Big rule changes are in store for F1 in 2017 and the Williams FW40 shows how they are impacting car design.
Formula One is introducing sweeping changes to car design for the 2017 season and Williams is the first out of the gate with a revamped car.
As the first 2017-season car unveiled, the Williams FW40 debuts the new look of F1. This season, F1 cars are longer and wider, with bigger front and rear spoilers, and generally greater bodywork area. This, along with fewer restrictions on the shapes of individual body components, allows designers to create more aerodynamic downforce, which pushes the car into the track and creates more grip.
The new design rules are accompanied by new tires from Pirelli, the sole tire supplier for F1. Tires are now much wider, and Pirelli was asked to create a setup that would not permanently lose its maximum grip after being exposed to a certain amount of heat. This prevents drivers from running flat out in previous seasons because doing so would cause the tires to overheat and become useless.
All of these changes are meant to make F1 more exciting. The new tires and car design rules are supposed to make cars faster, although F1 will stick with the current hybrid-powertrain formula employed since 2014, with similar amounts of power as previous seasons. The longer, wider look is also supposed to be more appealing although, as the Williams FW40 demonstrates, those changes can only go so far. The car is still a mess of aerodynamic ducts and flaps, with a rather unfortunate-looking nose. In 2017, Williams will continue to use powertrains Mercedes-Benz powertrains.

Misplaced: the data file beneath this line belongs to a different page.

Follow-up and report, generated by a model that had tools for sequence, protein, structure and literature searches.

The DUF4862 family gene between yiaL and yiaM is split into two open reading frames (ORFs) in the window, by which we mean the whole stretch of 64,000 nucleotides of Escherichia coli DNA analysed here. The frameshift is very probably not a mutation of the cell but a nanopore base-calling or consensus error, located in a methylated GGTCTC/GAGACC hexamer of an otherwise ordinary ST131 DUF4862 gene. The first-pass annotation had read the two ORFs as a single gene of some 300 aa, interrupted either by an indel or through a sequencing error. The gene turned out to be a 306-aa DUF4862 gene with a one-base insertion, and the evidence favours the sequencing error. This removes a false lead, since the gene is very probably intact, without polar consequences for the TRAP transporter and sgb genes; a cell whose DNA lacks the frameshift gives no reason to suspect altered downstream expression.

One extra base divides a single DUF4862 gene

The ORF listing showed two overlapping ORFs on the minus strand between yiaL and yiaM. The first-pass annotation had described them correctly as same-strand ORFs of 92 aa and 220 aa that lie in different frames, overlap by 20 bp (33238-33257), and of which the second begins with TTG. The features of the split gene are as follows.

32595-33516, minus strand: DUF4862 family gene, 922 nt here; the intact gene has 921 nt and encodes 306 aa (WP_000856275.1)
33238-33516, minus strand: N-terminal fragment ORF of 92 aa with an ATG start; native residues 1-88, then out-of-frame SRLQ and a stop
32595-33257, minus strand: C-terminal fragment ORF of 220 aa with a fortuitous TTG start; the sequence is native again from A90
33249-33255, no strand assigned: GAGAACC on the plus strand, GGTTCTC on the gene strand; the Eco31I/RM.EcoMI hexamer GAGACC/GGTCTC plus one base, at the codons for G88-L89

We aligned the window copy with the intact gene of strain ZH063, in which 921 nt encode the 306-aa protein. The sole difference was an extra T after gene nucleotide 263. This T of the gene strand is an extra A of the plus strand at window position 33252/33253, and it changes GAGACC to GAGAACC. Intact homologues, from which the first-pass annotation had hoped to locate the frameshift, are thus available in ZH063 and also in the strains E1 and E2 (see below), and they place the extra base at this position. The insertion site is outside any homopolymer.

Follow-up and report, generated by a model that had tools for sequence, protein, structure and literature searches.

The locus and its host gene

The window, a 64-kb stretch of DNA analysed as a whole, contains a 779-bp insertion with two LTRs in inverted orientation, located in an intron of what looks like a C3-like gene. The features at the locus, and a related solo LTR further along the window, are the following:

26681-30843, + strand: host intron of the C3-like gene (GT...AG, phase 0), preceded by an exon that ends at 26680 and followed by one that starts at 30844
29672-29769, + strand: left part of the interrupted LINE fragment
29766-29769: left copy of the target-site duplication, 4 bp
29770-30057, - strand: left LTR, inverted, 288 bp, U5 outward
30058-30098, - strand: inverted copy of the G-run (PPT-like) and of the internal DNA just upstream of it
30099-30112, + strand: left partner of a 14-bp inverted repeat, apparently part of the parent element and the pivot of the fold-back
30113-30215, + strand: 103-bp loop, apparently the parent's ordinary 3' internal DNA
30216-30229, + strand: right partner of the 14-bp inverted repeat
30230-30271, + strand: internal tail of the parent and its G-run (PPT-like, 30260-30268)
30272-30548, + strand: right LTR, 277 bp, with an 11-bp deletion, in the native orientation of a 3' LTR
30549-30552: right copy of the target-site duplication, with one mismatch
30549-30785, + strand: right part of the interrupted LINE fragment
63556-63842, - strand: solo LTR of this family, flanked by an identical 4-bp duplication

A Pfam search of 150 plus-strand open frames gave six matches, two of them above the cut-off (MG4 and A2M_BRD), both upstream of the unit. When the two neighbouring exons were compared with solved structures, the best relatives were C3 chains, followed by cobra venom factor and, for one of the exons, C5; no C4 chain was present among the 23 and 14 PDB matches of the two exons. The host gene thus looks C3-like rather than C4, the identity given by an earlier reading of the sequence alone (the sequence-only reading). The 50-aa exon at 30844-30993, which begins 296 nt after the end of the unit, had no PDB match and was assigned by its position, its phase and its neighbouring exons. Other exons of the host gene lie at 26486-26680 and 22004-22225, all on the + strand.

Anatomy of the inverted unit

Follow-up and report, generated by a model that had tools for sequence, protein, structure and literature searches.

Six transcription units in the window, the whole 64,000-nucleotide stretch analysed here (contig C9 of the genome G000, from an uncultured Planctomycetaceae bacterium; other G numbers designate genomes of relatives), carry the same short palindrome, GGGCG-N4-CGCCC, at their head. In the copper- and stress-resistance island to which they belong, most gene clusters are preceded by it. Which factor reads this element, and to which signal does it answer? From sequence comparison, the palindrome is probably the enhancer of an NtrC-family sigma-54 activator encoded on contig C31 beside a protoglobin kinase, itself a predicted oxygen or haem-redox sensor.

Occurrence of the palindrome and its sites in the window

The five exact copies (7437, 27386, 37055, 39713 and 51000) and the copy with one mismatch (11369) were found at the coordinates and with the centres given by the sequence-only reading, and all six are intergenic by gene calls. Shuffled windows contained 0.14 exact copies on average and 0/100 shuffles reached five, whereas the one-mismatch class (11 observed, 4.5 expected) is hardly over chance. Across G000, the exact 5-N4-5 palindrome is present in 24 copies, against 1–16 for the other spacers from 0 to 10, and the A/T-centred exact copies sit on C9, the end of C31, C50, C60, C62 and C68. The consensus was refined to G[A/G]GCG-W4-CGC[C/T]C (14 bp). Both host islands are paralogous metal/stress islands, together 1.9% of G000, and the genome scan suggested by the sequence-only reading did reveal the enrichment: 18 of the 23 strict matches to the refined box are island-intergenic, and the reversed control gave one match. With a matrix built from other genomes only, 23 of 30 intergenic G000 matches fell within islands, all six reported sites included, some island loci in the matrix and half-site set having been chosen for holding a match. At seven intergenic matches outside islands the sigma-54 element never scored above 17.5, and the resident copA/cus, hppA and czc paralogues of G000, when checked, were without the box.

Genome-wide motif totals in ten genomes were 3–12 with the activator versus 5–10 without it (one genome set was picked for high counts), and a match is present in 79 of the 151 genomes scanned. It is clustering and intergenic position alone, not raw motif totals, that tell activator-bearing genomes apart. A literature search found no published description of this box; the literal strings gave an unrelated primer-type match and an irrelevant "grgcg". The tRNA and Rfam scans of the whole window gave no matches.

The ‘FW’ in FW40 represents the initials of team owner and founder Sir Frank Williams, while the ’40’ denotes the 40th anniversary of the team’s first F1 season. Williams is one of the most well-regarded teams in F1, with nine championships to its credit. Like most teams without full backing from an automaker, though, the British outfit has struggled in the modern, high-cost era of F1. It still finished a respectable fifth in the constructor standings last year, out of 11 teams.
For 2017, Felipe Massa will postpone his retirement and return to Williams alongside rookie Lance Stroll. Masha planned to retire at the end of last season, but was coaxed back after Williams’ other experienced driver, Valtteri Bottas, jumped ship for the Mercedes factory team. Bottas replaces reigning F1 champ Nico Rosberg, who announced his retirement just days after clinching the title.